• Maintain the historic volume of your building. When you are adapting the interior space of your building it is important to maintain the original ceiling height. High ceilings and ceiling fans helped to heat and cool historic buildings. By retaining your original ceiling height, you will convey the historic character of your building and help to define its spatial volume. It is not appropriate to install a new ceiling at a lower height, especially if this will affect your windows and doors. Some lowering of ceiling heights may be appropriate in secondary areas to accommodate new mechanical systems.
  • Avoid falsifying history. Your adaptation of your building’s interior space should be compatible with its existing historic character. Avoid creating exact duplications of historic materials and elements that would cause confusion between the historic and new elements. This is often referred to as “falsifying history.” For example, when you are planning new walls or other partitions, use new trim that matches the historic trim in scale, material and general profile rather than replicating the historic woodwork.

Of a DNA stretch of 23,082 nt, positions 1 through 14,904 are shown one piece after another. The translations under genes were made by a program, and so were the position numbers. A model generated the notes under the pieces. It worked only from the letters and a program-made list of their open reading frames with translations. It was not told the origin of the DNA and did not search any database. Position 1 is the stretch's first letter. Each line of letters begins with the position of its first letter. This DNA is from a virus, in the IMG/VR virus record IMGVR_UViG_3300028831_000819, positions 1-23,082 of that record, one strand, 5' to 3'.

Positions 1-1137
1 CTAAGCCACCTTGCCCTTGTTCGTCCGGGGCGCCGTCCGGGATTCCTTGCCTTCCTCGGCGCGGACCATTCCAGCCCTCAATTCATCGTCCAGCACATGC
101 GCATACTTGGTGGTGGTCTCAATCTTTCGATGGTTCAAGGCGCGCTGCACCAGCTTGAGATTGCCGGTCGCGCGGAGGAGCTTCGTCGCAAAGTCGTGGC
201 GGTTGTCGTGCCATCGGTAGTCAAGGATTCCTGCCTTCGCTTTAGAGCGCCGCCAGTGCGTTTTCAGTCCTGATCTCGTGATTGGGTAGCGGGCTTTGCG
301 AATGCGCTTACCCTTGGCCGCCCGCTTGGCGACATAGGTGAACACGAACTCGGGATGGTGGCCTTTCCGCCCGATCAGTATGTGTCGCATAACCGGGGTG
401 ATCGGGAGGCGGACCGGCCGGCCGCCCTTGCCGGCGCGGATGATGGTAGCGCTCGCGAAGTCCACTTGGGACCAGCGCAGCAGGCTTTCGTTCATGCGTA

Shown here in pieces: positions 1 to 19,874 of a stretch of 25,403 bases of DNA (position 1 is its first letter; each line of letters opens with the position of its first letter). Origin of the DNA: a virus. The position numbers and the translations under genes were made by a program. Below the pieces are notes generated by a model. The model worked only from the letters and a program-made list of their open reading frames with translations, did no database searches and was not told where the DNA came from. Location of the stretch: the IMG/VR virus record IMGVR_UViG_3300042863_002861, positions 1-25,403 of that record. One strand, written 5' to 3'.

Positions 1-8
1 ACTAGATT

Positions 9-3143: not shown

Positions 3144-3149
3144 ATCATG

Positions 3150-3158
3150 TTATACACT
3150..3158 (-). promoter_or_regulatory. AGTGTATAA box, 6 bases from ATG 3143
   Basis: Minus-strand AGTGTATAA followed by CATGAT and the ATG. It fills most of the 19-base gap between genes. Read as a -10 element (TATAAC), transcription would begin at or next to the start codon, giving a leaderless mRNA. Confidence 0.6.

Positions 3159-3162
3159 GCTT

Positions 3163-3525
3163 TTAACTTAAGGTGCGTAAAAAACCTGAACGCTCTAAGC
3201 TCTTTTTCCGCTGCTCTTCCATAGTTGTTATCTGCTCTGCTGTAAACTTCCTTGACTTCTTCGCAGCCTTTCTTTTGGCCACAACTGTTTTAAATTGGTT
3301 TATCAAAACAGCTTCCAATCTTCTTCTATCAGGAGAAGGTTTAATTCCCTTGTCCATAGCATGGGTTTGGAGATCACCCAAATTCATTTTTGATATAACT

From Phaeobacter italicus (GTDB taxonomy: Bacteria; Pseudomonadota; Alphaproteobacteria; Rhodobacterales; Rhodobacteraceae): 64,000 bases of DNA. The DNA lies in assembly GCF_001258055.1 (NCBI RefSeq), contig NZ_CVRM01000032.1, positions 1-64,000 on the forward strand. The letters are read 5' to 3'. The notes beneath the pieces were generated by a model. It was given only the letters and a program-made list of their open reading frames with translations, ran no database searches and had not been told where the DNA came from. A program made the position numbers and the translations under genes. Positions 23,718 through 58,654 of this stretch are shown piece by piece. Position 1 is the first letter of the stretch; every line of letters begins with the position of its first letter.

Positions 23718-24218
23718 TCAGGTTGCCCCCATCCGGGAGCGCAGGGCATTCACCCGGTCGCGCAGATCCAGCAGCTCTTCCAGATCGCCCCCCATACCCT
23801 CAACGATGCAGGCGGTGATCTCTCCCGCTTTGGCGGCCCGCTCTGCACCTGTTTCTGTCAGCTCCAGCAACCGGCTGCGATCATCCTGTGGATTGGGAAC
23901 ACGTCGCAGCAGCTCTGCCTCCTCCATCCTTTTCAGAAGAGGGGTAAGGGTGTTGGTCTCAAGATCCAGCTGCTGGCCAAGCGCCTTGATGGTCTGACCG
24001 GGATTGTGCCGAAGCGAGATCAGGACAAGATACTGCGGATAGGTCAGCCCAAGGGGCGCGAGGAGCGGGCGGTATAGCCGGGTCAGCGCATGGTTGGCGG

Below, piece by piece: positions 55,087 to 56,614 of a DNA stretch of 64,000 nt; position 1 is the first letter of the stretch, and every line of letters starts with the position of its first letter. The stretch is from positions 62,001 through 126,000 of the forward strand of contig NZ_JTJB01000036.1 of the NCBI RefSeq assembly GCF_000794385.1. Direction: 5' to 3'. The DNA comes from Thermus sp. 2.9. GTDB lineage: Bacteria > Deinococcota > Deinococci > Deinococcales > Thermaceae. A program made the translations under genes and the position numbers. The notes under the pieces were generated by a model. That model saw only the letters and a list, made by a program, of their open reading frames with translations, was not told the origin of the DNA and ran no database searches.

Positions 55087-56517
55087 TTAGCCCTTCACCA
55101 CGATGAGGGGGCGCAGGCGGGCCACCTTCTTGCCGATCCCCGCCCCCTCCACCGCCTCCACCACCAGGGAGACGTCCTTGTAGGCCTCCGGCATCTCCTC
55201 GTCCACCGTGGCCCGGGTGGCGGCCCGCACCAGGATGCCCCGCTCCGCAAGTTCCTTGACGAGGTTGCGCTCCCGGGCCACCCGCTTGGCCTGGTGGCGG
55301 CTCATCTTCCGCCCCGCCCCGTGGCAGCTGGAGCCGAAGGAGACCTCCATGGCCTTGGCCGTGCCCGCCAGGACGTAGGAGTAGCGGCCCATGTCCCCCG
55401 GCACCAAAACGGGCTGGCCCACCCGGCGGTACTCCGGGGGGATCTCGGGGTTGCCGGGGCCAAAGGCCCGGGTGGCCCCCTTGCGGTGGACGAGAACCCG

• Retain and preserve your original floor plans. Preserve the size, configuration, proportion and relationship of the rooms and corridors of your building. You should also retain the relationship of important features to these interior spaces as well as the spaces themselves. For example, you
    EnlargeHistoric interior

    First National Bank, 1873

    Chippewa Falls, Wisconsin. This historic building was originally a bank, but now serves downtown Chippewa Falls as a jewelry store. Note the original ceiling, decorative columns and marble wainscoting. Source: Photographer Mark Fay View the property record: AHI 3155

    should retain a ticket booth in a theater building or the lobby in a hotel or restaurant.
  • Avoid subdividing your interior spaces. Although the floor space of your building might be important in defining its original use, you can create a visual effect of subdivision by inserting partial-height partitions that will still allow visitors to visualize the whole original space. Your building may already have partitions in the upper floor space if it was previously used for offices. If these are original to your building, you can retain them if they suit your new use. You should only consider adding new floors if they will not damage or destroy the structural system of your building, nor obscure, damage or destroy character-defining spaces, features or finishes. If your building has been subdivided through an earlier insensitive renovation, consider removing the partitions and restoring the room to its original proportions and size.